Monthly Archives: April 2014

Research Proposal and More Secondary Sources

I was pleased with the criticism of my thesis proposal offered by Dr. Jones, Dr. Quigley, and Ms. Coldiron. The three of them shared ideas with me this past week that I know will lead to a stronger and clearer proposal. Dr. Quigley and Dr. Jones shared concerns with my discussion of causality. They both stressed that just because there might have been an ongoing crisis of masculinity as wealth drained from North Carolina, it is problematic for me to claim that individual delegates’ were driven to disfranchise free blacks to preserve their masculinity. Dr. Quigley also suggested to focus primarily on the racial aspect of disfranchisement, meaning that I should trace it to the ongoing evolution of white racial ideology in the South. He thinks I can make this the focus of my thesis, while still bringing in issues of class and gender when they come up in the primary sources. Finally, the thesis committee suggested that I only focus on North Carolina. There are more secondary sources on this state, the University of North Carolina’s Southern Historical Collection houses many more primary sources of North Carolina delegates’ than any other archive has relating to Tennessee. I think I would like to work on Tennessee’s disfranchisement in the future, though.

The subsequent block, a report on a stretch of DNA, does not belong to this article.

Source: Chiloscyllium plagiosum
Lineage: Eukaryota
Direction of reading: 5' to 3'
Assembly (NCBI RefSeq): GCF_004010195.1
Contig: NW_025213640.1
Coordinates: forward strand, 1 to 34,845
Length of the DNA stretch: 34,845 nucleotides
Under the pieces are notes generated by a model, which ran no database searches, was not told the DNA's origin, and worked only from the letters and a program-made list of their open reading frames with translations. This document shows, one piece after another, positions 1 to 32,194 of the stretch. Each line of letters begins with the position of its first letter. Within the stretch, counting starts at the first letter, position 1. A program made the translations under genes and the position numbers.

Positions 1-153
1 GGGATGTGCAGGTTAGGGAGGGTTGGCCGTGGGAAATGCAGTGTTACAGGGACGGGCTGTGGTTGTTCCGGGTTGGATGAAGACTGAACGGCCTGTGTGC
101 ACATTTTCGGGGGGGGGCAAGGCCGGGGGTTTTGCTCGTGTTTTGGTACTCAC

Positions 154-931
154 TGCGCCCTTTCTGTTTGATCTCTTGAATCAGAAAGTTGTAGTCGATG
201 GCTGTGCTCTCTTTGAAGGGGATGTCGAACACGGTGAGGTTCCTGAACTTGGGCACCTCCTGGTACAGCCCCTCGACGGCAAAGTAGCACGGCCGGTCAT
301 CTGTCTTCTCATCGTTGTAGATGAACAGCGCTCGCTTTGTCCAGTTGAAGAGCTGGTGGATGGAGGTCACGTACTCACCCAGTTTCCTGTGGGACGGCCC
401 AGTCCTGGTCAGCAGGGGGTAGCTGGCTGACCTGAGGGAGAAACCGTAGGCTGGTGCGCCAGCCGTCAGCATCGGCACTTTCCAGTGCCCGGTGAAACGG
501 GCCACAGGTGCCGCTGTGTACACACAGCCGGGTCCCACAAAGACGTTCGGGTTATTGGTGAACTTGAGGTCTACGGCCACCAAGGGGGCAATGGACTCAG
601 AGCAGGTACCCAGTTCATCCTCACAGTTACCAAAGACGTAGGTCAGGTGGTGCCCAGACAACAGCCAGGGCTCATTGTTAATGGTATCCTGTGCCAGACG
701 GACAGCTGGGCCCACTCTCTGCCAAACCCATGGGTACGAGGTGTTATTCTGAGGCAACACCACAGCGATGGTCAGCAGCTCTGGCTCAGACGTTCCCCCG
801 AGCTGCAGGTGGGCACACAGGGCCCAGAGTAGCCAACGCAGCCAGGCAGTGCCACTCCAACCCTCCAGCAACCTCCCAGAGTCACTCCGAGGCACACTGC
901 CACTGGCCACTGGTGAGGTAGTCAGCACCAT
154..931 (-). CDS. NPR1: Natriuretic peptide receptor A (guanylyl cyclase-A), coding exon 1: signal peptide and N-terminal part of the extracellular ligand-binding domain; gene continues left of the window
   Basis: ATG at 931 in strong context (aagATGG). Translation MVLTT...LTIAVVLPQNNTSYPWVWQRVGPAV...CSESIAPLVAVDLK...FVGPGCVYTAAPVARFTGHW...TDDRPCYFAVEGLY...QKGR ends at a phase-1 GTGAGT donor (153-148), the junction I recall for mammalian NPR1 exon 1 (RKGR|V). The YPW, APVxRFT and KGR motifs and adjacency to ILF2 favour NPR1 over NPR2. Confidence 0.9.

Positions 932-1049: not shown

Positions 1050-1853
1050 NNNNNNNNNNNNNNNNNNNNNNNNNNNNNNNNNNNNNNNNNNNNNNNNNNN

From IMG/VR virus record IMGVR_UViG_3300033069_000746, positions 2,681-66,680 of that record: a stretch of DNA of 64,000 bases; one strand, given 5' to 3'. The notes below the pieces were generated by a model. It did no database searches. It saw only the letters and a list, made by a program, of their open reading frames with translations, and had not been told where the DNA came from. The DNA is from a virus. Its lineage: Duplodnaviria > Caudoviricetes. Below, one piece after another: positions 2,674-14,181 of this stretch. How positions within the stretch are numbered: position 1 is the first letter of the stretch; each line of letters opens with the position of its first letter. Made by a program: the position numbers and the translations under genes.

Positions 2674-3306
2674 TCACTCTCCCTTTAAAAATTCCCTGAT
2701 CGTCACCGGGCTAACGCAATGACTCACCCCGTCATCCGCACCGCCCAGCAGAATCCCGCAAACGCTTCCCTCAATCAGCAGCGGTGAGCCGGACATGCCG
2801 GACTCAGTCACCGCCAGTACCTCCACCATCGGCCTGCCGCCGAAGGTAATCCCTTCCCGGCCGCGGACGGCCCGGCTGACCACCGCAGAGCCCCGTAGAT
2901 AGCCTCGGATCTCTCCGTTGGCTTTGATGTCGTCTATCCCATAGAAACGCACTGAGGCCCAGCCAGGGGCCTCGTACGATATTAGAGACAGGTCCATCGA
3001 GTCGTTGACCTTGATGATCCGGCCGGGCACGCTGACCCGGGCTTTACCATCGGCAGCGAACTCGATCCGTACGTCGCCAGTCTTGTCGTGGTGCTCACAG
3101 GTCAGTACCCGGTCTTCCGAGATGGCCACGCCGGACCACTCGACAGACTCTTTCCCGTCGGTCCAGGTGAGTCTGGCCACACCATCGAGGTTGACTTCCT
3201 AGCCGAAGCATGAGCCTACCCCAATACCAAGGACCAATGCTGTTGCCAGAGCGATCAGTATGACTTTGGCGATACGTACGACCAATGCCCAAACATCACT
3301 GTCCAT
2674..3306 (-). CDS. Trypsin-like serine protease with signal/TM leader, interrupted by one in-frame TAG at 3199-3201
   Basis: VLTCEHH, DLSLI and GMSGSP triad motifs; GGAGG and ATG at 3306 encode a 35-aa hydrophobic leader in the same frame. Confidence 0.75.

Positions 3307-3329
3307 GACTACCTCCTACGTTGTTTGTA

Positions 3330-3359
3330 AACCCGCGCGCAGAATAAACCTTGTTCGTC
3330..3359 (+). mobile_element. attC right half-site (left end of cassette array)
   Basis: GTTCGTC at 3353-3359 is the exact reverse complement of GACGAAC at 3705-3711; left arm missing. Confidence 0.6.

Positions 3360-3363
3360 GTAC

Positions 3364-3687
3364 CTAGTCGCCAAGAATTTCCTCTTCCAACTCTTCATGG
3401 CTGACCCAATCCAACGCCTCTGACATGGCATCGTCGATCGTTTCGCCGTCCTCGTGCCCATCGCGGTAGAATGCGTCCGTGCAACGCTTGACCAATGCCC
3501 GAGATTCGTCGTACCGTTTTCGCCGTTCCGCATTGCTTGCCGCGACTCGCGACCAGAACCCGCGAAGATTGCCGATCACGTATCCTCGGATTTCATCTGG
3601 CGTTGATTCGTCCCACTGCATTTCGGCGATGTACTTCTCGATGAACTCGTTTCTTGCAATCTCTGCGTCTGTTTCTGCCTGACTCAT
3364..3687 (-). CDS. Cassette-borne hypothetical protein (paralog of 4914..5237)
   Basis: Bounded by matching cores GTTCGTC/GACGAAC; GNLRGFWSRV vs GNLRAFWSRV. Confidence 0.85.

Since I am going to focus more on developments of race, I thought I would check out  some secondary sources on racial ideology in the antebellum South.

Lacy K. Ford, Deliver Us from Evil: The Slavery Question in the Old South (Oxford ; New York: Oxford University Press, 2009).